Easing stance, South Korea to adopt real-name crypto trading

SEOUL, South Korea — Softening its tough stance on crypto trading for now, South Korea said Tuesday it would adopt a system requiring that transactions that until now were anonymous be traceable. It also will more closely monitor trading for signs that transactions may be linked to tax evasion or other crimes.

The bitcoin markets appeared to take the news in stride.

Financial Services Commission Vice Chair Kim Yong-beom told reporters that starting next week, local banks will launch a real-name system for trading of crypto currencies to help curb speculation and criminal activities.

That means banks will have to ensure any crypto currency investment comes from a bank account owned by the same individual. The measure will prevent such trading by foreigners living outside South Korea who do not have local bank accounts. It also will ban minors younger than 19 from buying or selling bitcoins and other digital currencies.

Once the new system is in place, existing anonymous accounts used for crypto trading will be cancelled, he said.

The moves follow warnings by South Korean authorities that they might ban anonymous trading in crypto currencies and crack down on speculative trading. Regulators are seeking to prevent use of crypto currency trading for money laundering, tax evasion and other criminal activities.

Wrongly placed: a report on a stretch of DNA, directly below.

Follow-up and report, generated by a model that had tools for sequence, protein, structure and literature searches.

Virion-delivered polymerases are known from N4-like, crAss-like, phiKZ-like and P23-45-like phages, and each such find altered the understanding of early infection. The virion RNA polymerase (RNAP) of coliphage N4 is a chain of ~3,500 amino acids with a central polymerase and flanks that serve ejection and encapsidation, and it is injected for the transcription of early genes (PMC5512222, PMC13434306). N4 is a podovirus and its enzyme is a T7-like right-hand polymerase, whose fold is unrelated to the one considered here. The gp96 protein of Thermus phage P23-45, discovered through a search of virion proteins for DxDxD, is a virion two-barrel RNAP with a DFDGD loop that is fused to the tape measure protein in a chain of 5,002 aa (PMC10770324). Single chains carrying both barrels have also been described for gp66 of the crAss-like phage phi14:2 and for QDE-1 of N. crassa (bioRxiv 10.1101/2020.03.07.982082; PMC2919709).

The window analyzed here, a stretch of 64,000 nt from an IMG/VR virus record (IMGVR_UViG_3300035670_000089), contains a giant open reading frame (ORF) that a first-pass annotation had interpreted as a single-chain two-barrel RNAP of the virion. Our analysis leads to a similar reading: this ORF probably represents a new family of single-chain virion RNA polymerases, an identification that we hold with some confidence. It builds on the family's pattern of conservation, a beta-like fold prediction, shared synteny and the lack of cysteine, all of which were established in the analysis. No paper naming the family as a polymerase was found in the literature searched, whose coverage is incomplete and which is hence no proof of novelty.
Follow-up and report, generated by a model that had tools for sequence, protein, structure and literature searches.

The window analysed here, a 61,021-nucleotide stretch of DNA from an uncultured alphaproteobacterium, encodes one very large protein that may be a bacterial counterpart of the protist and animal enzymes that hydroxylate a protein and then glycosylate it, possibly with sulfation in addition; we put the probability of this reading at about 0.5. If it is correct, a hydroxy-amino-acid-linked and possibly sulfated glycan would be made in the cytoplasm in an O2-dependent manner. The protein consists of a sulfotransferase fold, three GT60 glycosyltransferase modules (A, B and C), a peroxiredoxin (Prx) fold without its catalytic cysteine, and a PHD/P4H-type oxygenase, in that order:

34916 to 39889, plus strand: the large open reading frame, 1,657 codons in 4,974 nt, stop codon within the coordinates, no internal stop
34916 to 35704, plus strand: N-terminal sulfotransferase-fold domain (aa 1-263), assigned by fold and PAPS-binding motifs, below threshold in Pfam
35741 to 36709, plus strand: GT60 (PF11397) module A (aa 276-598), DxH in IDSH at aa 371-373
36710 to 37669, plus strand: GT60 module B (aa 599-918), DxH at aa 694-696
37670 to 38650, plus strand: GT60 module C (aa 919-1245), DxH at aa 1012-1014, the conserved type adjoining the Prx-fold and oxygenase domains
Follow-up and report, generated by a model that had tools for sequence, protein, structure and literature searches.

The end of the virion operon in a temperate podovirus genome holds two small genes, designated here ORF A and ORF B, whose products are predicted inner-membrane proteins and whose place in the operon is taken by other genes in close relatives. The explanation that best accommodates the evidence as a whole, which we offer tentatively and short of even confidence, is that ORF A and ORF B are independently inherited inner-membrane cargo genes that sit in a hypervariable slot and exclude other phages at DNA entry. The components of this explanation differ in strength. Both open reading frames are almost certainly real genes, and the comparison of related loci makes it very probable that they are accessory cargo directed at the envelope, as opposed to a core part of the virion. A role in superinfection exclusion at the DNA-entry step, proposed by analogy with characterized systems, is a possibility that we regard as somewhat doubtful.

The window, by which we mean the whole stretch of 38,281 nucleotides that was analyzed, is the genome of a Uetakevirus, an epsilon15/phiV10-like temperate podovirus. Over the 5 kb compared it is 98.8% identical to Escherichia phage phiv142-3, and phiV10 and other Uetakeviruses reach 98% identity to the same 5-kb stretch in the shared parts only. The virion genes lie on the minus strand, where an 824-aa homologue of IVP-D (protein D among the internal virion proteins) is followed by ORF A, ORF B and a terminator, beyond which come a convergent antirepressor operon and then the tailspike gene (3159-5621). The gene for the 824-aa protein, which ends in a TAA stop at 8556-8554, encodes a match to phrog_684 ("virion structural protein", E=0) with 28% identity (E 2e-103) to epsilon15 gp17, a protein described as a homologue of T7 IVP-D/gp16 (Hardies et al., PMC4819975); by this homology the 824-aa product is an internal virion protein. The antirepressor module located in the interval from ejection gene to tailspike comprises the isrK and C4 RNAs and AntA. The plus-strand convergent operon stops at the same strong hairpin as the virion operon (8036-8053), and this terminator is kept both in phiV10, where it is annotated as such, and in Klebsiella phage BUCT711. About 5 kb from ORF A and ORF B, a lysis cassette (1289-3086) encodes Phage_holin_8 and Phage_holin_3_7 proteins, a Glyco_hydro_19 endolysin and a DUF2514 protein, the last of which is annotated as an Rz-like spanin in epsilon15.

The new requirements could also lead to a shutdown of some crypto currency exchanges. Banks will be able to refuse to open accounts with crypto currency exchanges that refuse to disclose information about suspicious trading.

"We expect that crypto currency exchanges that are in danger of being exploited for money laundering will be thrown out of the market," Kim told reporters.

The government is also asking financial institutions to step up their oversight of the virtual currency sector. Lenders were told to closely monitor crypto trading that exceeds 10 million won ($9,338) a day or 20 million won ($18,676) per week and also crypto trading accounts owned by corporations or groups and report any suspicious activity to the authorities.

Kim said the government does not intend to encourage trading in crypto currencies.

South Korea is home to some of the world's largest crypto currency exchanges and a craze for bitcoin and other crypto currencies has swept the country.

Suggestions by top government officials that a ban on such trading was under consideration prompted supporters of crypto currency investing to petition the presidential office's website to block such a move.

The price of bitcoin fell was down 2.2 percent at $10,537.78 as of 1010 GMT Tuesday. It gyrated wildly earlier this month, soaring and then sinking on concerns over now South Korea and other governments might handle the boom in crypto currency trading. Its price has fallen more than 40 percent from its peak earlier this month.

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